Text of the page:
Last summer’s hit drama UnReal returns for its second season tonight (Lifetime, 10 p.m.), and goes where the show it satirizes, The Bachelor, has been too terrified or cowardly to go yet: casting a black bachelor. Yes, the fictional reality dating competition series at the center of UnReal, “Everlasting,” has a non-white star, Darius Beck, played by B.J. Britt.
It’s worth noting that an actual dating reality series, WE tv’s Match Made in Heaven, which debuted last year, had an African-American star, former NFL player Stevie Baggs.
But UnReal’s move will undoubtedly give it more to satirize, beyond the sexism and misogyny present in the format, the production, and Hollywood.
Of course, it’s not too challenging to satirize The Bachelor and its creator Mike Fleiss, who in real life referred to women not just as objects but as food he eats when explaining his decision to cast a non-white woman and then the reversal of that decision.
Specifically, Mike Fleiss wrote: “After 5 years of BBQ chicken as our Night One dinner, I’m thinking of mixing things up this year. Maybe a little Thai food… Yum!” and then: “I chickened out and went with BBQ chicken. If it ain’t broke…”.
So yes, UnReal creators and writers Marti Noxon and Sarah Gertrude Shapiro have a lot of material to work with this season—and next, because Lifetime already renewed UnReal for a third season.
From the moment I screened the first episode early last spring, I was hooked, attracted in part to the expose of certain reality television practices that people who used to work on the show said were basically a documentary.
For everything it got right, especially about early seasons of The Bachelor, it also did the absurd, compressing time so much that the show was essentially being filmed, edited, and airing in real time.
But the drama it mined from those practices, especially in the first part of its season, made me wonder if its appeal had anything to do with the general dislike of reality television. But I don’t think so, because the show offered a lot:
- It’s well-written and well-produced, and delivered something that was high above any expectations we had for a Lifetime series.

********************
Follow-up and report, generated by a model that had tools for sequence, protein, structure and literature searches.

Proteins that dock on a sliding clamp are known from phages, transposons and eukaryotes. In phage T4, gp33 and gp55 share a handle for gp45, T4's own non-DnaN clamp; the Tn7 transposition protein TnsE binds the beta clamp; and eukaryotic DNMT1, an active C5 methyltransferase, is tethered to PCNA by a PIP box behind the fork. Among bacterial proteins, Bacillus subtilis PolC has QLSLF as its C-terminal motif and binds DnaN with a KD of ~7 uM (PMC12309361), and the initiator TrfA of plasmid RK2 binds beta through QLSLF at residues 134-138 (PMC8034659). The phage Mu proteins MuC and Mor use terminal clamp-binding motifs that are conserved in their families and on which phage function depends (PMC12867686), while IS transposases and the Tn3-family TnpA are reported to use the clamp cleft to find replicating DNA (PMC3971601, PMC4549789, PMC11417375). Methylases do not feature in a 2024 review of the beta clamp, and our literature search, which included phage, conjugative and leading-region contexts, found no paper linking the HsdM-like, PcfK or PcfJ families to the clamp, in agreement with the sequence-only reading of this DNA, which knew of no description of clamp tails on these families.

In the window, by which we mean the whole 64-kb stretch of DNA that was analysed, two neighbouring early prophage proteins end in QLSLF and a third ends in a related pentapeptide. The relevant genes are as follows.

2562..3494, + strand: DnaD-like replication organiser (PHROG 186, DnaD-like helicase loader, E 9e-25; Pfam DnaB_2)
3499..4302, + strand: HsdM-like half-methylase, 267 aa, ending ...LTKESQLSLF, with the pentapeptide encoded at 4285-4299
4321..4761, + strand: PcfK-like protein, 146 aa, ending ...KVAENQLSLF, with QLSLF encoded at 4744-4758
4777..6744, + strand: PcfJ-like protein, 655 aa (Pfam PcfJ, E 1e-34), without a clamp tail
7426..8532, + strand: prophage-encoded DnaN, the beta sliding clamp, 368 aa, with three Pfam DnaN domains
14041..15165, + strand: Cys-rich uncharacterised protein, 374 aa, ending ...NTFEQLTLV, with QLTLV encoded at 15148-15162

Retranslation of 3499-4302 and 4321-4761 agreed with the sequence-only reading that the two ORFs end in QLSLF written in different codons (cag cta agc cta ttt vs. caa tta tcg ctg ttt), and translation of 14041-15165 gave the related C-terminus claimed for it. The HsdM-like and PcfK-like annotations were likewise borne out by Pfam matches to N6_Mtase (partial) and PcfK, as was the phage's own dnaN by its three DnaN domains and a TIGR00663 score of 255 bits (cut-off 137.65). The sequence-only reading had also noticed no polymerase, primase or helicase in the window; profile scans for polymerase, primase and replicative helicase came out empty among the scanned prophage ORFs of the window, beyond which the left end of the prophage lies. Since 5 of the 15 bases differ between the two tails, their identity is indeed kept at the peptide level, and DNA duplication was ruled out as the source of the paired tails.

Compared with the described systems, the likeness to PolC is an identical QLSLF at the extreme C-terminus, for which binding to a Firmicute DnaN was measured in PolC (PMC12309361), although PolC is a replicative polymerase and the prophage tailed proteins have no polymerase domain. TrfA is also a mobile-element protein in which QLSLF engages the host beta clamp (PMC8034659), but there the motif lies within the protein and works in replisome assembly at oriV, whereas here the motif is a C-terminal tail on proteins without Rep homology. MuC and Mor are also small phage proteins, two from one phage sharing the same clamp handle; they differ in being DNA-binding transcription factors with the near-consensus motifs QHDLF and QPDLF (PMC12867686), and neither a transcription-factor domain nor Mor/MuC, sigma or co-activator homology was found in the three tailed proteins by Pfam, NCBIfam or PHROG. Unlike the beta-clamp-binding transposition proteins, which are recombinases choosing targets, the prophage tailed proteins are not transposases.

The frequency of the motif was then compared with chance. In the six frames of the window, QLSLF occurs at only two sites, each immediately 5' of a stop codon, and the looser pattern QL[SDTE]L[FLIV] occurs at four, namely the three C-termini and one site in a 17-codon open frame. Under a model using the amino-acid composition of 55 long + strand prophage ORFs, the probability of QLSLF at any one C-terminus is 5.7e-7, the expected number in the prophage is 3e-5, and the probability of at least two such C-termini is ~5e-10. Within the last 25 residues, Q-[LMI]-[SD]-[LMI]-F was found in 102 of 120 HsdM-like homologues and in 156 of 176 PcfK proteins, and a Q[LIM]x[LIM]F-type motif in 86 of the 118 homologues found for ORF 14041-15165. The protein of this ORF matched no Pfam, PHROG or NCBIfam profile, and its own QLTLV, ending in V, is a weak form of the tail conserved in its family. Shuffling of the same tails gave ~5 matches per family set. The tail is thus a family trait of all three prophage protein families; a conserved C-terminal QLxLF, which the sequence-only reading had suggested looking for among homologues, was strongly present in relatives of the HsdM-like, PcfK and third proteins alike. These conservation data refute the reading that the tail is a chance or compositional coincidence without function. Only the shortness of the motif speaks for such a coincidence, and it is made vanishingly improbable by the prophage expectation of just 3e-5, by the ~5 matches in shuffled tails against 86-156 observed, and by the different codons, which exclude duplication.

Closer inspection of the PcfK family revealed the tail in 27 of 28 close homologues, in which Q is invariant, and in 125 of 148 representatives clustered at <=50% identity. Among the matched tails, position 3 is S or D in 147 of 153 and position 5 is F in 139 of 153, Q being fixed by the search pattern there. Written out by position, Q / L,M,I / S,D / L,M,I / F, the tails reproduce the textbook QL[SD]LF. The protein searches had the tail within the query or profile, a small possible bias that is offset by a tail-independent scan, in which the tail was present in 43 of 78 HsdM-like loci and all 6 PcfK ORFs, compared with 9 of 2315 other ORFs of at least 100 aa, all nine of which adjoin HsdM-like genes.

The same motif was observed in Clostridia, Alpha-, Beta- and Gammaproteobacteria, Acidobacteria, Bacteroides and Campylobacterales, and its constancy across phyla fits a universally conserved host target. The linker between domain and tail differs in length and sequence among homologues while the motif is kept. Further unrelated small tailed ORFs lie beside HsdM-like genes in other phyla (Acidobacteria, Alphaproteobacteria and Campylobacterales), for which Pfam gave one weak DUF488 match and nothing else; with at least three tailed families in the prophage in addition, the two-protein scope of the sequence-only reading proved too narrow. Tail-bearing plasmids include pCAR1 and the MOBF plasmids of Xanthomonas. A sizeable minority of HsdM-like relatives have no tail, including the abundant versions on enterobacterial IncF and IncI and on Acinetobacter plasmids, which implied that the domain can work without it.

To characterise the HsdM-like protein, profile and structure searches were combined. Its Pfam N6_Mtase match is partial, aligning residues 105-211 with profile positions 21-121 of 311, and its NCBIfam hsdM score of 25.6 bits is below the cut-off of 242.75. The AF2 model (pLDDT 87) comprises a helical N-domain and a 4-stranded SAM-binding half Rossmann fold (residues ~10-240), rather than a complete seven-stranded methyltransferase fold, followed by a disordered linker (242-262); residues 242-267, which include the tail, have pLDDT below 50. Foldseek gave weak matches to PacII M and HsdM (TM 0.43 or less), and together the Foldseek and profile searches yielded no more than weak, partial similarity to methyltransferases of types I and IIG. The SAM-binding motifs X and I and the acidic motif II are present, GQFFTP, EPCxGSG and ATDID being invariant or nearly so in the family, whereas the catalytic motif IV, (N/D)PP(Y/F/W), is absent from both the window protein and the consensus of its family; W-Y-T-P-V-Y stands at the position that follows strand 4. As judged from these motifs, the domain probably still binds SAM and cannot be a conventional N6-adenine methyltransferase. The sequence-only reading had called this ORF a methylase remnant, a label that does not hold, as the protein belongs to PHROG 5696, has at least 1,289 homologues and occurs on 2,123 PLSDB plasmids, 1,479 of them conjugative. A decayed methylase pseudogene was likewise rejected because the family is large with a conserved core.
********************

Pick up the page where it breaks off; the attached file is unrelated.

- Its two leads—Shiri Appleby and Constance Zimmerare—are women, and their characters are complex, and not just because their behavior seems sometimes villainous and sometimes sympathetic. That’s all too rare, perhaps even otherwise nonexistent, for television.
- The plots may have been grounded in reality, but they were over-the-top soap opera fun, and it was easy to watch and be absorbed by.
- It satirized reality TV, the genre the scripted world loves to crap on.
If anything, UnReal’s criticism of reality television is like a layer of frosting in a wonderful cake: it absolutely adds to the whole, but it’s not the only thing to love. Hopefully season two will add even more to its disturbing but delectable dessert drama.
What critics are saying about UnReal season two
A selection of early reviews of season two, which are based on the two episode Lifetime made available to TV critics:
- Mo Ryan, Variety: “the show’s willingness to simultaneously plummet into dark places, plunge ahead with social commentary and provide pitch-dark satire that makes watching it such an exciting experience. Reality producers know you don’t want to be bored, and ‘UnReal’ follows that mandate.”
- Willa Paskin, Slate: Season two “slams our moment’s hottest topics into a blender and hits frappe. The resulting concoction, made of election dynamics, confederate flags, Black Lives Matter, football, diversity, gender norms, voyeurism, narcissism, hedonism, nihilism, cruelty, manipulation, and mental illness is like a juice fast created by a demon: It looks great, tastes better, and tears you apart from the inside, leaving you gutted—which is a brutal kind of cleansed.”
- Richard Lawson, Vanity Fair: “For a moment there, it looks like UnREAL may be falling victim to the same second-season overcompensating that, say, sent the Tailies disastrously crashing down onto Lost’s mystery island. But soon enough, the show’s spell kicks in and that worry fades…”
- Jen Chaney, Vulture: “While UnREAL may be delving into the racial fray this season, it’s still at its most compelling when it depicts the minefield that comes with being a woman in such an aggressively misogynistic workplace.”
- Dan Fienberg, The Hollywood Reporter: “Through two episodes, UnREAL has maintained its commitment to painful emotional reality, plus dialogue so scathing and raunchy I’m sometimes impressed it’s able to fly on basic cable. Appleby and Zimmer continue to deliver strong and funny lead performances playing two of TV’s most outspoken and prickly characters.”